Kurz insists on vaccine distribution talks ahead of the EU summit

The Federal Chancellor supports the desire for more export controls of vaccines and wants to clarify the discussion about the distribution of vaccines in the EU. When fighting the pandemic, the motto must apply, “no matter what the cost”.

Federal Chancellor Sebastian Kurz (ÖVP) has before the start of the virtual ISummit stressed on Thursday that the main topic of the heads of state and government will be the fight against the pandemic. “If vaccine distribution is not to be an issue for a summit, what then?” Declared the Chancellor. It is also completely incomprehensible that the EU exports 70 million doses of corona vaccines to all parts of the world, and has not received any vaccines from outside the EU.

“That is a massive disparity,” said Kurz. He therefore supported Commission President Ursula von der Leyen in her goal of counteracting this and advocating export controls. However, the Chancellor emphasized that he could not anticipate the outcome of the summit.

“Cost what it may”

When fighting the pandemic, the motto “cost what it wants” must apply, emphasized Kurz. The discussion that there is a financial restriction of 200 million euros for the procurement of vaccines in Austria is therefore “absurd”. So far, 80 million euros have been spent and 30 million cans ordered, the problem lies in the delay in deliveries, said Kurz.

In any case, Austria has got things going on the issue of vaccine distribution, Kurz continued. The heads of state and government had agreed that the vaccines would be delivered proportionally based on the population distribution, but this was changed by a decision by the health officials, so that Malta would now receive three times as many vaccines as Bulgaria in the first half of the year. But he believes that there is now more understanding for a balance within the EU.

Austria’s vaccination rate is currently above the EU average. In this country, 13.5 percent of those who could be vaccinated received at least one dose, as can be seen from the figures from the EU health authority ECDC (as of March 24). Austria is thus above the EU average of 11.3 percent and ranks behind Hungary (19.7 percent), Malta (18.3), Finland (16.6), Estonia (15.6) and Denmark (13, 6) in sixth place. At the bottom of the list are Bulgaria (5.5) and Latvia (5.4).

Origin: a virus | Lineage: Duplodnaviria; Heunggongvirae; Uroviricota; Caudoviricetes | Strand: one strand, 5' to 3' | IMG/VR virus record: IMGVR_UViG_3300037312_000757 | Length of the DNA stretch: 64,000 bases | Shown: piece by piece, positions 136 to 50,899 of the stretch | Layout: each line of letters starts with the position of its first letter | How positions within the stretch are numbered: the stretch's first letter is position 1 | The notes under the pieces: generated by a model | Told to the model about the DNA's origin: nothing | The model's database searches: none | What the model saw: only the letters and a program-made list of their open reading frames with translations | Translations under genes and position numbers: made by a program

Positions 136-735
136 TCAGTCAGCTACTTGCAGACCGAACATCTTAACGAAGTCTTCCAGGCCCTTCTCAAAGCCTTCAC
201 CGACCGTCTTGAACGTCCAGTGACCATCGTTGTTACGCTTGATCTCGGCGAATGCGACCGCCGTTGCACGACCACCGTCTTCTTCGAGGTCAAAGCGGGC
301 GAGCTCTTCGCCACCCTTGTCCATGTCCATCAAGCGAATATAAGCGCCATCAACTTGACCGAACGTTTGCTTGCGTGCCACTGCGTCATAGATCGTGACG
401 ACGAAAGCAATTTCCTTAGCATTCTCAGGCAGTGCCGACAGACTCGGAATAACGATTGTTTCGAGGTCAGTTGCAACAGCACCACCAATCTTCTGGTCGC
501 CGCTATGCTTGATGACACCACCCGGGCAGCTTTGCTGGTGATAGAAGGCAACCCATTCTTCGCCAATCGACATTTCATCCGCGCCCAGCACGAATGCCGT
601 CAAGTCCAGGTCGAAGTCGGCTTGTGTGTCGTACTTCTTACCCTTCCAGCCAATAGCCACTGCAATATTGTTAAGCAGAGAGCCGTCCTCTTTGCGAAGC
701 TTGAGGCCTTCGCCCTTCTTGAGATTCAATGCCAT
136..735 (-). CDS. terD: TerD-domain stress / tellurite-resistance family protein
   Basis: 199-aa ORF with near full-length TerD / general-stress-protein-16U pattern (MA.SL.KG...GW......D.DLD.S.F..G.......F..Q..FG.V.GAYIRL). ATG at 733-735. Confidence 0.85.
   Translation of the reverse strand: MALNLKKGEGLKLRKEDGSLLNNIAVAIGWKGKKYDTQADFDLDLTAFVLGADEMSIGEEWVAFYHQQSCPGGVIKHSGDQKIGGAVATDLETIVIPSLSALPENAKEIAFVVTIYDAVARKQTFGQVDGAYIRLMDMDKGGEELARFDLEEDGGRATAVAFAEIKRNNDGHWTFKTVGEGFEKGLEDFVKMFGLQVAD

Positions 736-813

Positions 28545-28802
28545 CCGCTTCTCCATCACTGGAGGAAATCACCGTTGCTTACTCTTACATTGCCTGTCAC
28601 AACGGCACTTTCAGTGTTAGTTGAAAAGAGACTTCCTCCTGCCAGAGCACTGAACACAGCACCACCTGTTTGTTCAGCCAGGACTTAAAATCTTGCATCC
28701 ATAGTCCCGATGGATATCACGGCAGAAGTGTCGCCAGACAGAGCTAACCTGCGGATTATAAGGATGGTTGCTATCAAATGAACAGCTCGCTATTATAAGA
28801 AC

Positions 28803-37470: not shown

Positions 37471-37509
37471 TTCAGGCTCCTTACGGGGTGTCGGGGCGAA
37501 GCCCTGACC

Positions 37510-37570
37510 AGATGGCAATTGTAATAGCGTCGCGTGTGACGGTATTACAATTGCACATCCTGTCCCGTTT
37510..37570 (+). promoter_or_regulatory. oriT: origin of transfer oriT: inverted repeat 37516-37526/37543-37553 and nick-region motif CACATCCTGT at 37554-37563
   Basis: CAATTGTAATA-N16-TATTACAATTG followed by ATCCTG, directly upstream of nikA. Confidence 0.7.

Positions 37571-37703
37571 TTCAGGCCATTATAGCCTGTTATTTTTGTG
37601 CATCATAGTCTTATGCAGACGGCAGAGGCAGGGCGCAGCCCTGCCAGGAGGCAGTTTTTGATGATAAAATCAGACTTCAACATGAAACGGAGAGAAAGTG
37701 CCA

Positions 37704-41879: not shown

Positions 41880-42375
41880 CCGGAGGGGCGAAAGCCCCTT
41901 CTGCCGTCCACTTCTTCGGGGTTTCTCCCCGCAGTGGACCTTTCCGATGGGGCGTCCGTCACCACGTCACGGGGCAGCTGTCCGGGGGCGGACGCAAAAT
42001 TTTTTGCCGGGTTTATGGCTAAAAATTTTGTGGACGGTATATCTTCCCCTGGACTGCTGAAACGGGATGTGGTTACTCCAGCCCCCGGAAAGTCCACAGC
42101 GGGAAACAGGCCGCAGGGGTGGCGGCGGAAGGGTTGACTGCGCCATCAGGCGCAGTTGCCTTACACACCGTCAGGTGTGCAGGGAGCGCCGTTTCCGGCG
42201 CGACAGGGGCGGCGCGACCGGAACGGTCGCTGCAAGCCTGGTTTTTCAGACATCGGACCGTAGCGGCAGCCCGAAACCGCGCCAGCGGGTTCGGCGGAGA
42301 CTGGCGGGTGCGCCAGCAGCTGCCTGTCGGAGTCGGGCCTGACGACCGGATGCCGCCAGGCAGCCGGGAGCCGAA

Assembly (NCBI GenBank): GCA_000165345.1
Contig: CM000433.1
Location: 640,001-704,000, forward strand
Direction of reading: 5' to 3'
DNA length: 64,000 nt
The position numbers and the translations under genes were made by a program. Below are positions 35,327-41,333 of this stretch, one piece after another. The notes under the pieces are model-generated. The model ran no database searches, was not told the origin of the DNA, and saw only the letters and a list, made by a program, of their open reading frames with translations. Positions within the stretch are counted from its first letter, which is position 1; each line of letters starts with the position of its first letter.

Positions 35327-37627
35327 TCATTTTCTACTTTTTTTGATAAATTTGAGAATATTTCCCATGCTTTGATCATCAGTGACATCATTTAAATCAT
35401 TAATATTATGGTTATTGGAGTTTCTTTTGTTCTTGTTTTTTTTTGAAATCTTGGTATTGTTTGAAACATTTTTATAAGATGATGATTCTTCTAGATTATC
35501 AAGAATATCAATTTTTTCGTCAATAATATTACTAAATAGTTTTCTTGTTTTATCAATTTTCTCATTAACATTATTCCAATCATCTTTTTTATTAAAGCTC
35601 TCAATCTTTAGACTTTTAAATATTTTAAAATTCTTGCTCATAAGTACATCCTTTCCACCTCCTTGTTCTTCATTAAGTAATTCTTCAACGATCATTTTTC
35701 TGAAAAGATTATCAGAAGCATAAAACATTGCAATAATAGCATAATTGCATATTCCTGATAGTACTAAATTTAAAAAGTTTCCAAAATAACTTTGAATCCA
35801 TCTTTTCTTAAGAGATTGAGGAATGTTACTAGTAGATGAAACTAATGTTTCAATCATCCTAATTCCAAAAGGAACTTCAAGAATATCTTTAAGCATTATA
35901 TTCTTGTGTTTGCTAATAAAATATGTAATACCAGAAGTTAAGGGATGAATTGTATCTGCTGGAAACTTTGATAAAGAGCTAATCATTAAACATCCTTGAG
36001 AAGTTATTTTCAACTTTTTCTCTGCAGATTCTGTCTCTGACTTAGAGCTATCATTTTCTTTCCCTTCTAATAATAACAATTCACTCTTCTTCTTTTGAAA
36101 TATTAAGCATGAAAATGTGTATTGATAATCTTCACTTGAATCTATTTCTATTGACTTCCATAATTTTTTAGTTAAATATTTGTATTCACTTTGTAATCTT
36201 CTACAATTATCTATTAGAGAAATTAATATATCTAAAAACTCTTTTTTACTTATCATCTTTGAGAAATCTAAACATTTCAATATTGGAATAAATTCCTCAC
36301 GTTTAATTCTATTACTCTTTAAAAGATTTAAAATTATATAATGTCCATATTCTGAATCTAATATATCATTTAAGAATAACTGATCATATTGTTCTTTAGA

German Chancellor Angela Merkel defended the common European path in combating the pandemic before the summit on Thursday. “It was right to rely on the joint procurement and approval of vaccines by the European Union,” said Merkel in front of the Bundestag in Berlin. When you see that big discussions break out even with small differences in distribution, she doesn’t want to imagine what would happen if individual EU countries had vaccines and others didn’t. “That would shake the foundations of the internal market,” said Merkel.

USA, Turkey: Foreign policy is also an issue

Kurz is also very pleased that there is an exchange with US President Joe Biden today. “I am firmly convinced that we as Europeans need strong transatlantic relations” in order to be able to tackle many important issues such as free trade together, explained Kurz. With regard to the relationship with Turkey, Kurz said he was glad that the situation with the EU states Greece and Cyprus had eased. At the same time, however, he was of the opinion that the human rights situation in Turkey was a major cause for concern, such as the recent withdrawal from the Istanbul Convention and the intended ban on the opposition party HDP.

The EU video summit on the vaccine scarcity and relations with Turkey started at noon. First of all, there was an exchange with the President of the European Parliament, David Sassoli. The top topic of the summit is the acceleration of production and delivery of the previously scarce corona vaccines. In addition, the EU heads of state and government wanted to discuss the complicated relationship with Turkey.

In the evening, US President Joe Biden wanted to join in for an exchange at times. The summit is planned for two days, but it was not previously ruled out that one could get through in one day. The originally planned physical meeting in Brussels had been canceled due to the pandemic.


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